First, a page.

Not only did sharks and shells somehow wash over a thousand miles inland to a hilly country 2500+ feet above sea level, but numerous dinosaur bones have been found there, as well.
One of the most famous is an excellent specimen of triceratops skull. Fossils of nine other types of dinosaurs have also been found, including the Thescelosaurus Jack Horner's team found in 1997. A park manager found a bison fossil in 2009.
Snow covers much of the ground, drifting fairly deep in some places. Not everyone was dressed for a hike, coming straight from church as we were. Technically speaking, all of us were unprepared, to some degree or other. Five out of seven of us had improper footgear, some VERY improper. Others of us had less than ideal clothing.
I was in fairly good shape, in my Winter Church Chic look: skirt, Eskimo jacket, thick gloves, black long johns (since after all, I was dressing up more formally), and warm boots. It could have been worse. Tiggy wore pants...capri pants. If not for the thin boots she borrowed from me, she would have had trouble. Jack wore underarmor under his dress clothes, but his slip-on shoes weren't intended for snow hiking. Tina had dressed much like me, only with black stockings instead of black long johns.
Worst of all was Cowboy Devon, wearing my unwittingly borrowed jacket (grrrr!), a western shirt, blue jeans, and yep, cowboy boots. He had already fallen on the ice twice, and apparently wanted to see how much more trouble he could get into. As usual. As usual, he was able to answer that question with flair.
All the way along the trail, Jack stepped exactly in our friend's footsteps, so he didn't get much snow in his shoes, even in the deep places. There's bound to be a good lesson in there somewhere.
Devon did not follow the path so clearly marked out for him. There's bound to be a good lesson there, too.
He tried to follow the other kids up hills and down coulees, right until his boot got stuck in the snow. Be sure to check in with Tina's blog in the next day or two or three for an excellent photojournalistic documentation of the rescue operation. We had to take the long way around to the other side of the gully, while Devon warmed his now-bare feet on Tiggy's abdomen.
Being the kind, warm, caring mother that I am, I carried him on my back most of the way back to the car. Even mother love balked at hauling him up the last steep hill, so he had to make a dash for it. "Eeech, aaatch, ooootch, ouch," trailed behind him all the way.
"I wish I hadn't brought these old bootcycles," I said to myself. (If you haven't already heard the story, remind me to tell you about that tidbit of family history later.)
Despite a temperature of -3F, I was sweaty, um I mean rosy, when I got back to the vehicle. As thin as Devon is, he is also surprisingly solid. Add snow clothes - wet snow clothes - and you have a nifty workout.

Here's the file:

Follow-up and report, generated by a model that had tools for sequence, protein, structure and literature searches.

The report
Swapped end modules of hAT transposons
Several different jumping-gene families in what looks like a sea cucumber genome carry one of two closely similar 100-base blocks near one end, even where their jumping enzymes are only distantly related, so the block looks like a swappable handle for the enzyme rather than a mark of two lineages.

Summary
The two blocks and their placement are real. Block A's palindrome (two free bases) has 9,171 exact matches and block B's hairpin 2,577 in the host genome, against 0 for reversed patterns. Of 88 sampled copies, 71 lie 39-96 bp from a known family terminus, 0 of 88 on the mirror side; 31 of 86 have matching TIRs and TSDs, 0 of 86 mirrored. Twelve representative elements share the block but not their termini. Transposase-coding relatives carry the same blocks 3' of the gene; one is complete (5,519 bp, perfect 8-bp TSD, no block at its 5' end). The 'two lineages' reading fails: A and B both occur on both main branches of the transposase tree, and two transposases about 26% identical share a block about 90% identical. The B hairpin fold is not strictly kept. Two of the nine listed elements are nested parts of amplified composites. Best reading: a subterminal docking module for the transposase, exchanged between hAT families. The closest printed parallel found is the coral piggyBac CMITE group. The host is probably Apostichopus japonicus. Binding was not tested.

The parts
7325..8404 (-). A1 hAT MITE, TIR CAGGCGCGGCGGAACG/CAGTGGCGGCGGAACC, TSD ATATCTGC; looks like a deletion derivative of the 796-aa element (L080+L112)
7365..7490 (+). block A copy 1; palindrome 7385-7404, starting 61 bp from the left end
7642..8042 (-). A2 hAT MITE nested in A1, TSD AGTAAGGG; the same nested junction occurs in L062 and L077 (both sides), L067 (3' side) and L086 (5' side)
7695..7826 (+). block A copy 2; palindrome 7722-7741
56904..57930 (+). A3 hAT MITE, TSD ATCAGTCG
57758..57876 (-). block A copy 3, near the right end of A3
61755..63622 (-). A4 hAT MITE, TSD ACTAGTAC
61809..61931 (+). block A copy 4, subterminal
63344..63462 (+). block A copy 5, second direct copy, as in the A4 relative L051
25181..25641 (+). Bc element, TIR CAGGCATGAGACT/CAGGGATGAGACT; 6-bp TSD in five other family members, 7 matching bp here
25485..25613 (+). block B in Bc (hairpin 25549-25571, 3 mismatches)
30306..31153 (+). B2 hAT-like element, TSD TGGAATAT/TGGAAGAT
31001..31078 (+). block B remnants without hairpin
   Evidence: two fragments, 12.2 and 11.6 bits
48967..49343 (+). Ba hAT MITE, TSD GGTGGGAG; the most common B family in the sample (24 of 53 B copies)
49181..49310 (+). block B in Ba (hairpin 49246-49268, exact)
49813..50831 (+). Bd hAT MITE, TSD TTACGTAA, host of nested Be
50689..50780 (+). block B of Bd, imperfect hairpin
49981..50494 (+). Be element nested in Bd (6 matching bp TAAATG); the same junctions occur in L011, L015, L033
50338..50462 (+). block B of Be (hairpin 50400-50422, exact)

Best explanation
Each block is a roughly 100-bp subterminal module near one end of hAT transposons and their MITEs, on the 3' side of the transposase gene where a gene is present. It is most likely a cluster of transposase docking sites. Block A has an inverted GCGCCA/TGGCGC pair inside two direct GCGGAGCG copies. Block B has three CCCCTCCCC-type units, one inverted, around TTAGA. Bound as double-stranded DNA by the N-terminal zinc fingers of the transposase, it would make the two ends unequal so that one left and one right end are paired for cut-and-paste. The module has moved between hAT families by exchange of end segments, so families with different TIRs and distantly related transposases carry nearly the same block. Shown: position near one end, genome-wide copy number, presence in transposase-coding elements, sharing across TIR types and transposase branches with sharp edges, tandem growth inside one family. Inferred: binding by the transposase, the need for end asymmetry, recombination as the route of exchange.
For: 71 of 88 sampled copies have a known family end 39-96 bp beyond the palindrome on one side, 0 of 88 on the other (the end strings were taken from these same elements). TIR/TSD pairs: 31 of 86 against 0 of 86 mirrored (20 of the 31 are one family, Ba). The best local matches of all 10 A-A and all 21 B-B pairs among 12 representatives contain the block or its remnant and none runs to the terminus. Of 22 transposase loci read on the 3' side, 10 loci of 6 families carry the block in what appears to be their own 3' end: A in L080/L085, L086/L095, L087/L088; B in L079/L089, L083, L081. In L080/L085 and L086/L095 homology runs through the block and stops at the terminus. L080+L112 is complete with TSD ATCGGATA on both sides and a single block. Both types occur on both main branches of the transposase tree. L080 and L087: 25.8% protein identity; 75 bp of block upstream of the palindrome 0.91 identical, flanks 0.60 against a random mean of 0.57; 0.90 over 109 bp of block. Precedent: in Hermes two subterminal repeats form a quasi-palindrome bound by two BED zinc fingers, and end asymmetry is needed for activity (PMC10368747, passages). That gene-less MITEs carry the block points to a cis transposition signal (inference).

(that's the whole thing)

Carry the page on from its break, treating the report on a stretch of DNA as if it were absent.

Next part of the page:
He didn't even have frostbite this time, thanks more to Tiggy than to him actually learning a lesson about dressing appropriately for cold weather.
We all had a nice trip home, all three hours of it, especially once Devon fell asleep. Oops, did I say that out loud? Now we're looking forward to going back and visiting the Creation Museum. Who would've thought they would have one so close to us?
Before I snuggle up and go to sleep, I want to leave you with one final thought - if the story of Noah's Flood is a myth, as so many believe, or was just an exaggerated version of some local flood, then why does virtually every culture on earth have a Flood legend? Even remote tribes only recently discovered have these legends, often with such details as eight people saved in a boat, while the rest of the world perished. Well worth looking into, for the open-minded.
That doesn't even begin to cover Ooparts, or a host of other odd things that don't fit within the traditional framework of evolution, but I said one final thought, so one final thought it shall be. Er, one final thought it already was.
Exhausted from the adventure,
PS Although I color-correct my photos as often as I can when using my other computer, the overwhelming blue cast is actually a pretty accurate representation of the winter light here. It's so beautiful, with all sorts of blue and purple pastels from morning to night. It only drives me crazy in my photos.
Thursday, December 16, 2010
Hunting season 2010 continued explosively with an out-of-season doe. It was Tina's fault, and the way she tells it, the doe tried to bag an out-of-season van. On her way north one night, she vaporized the poor thing, losing a couple of lights and the ability to open the driver's-side door in the process.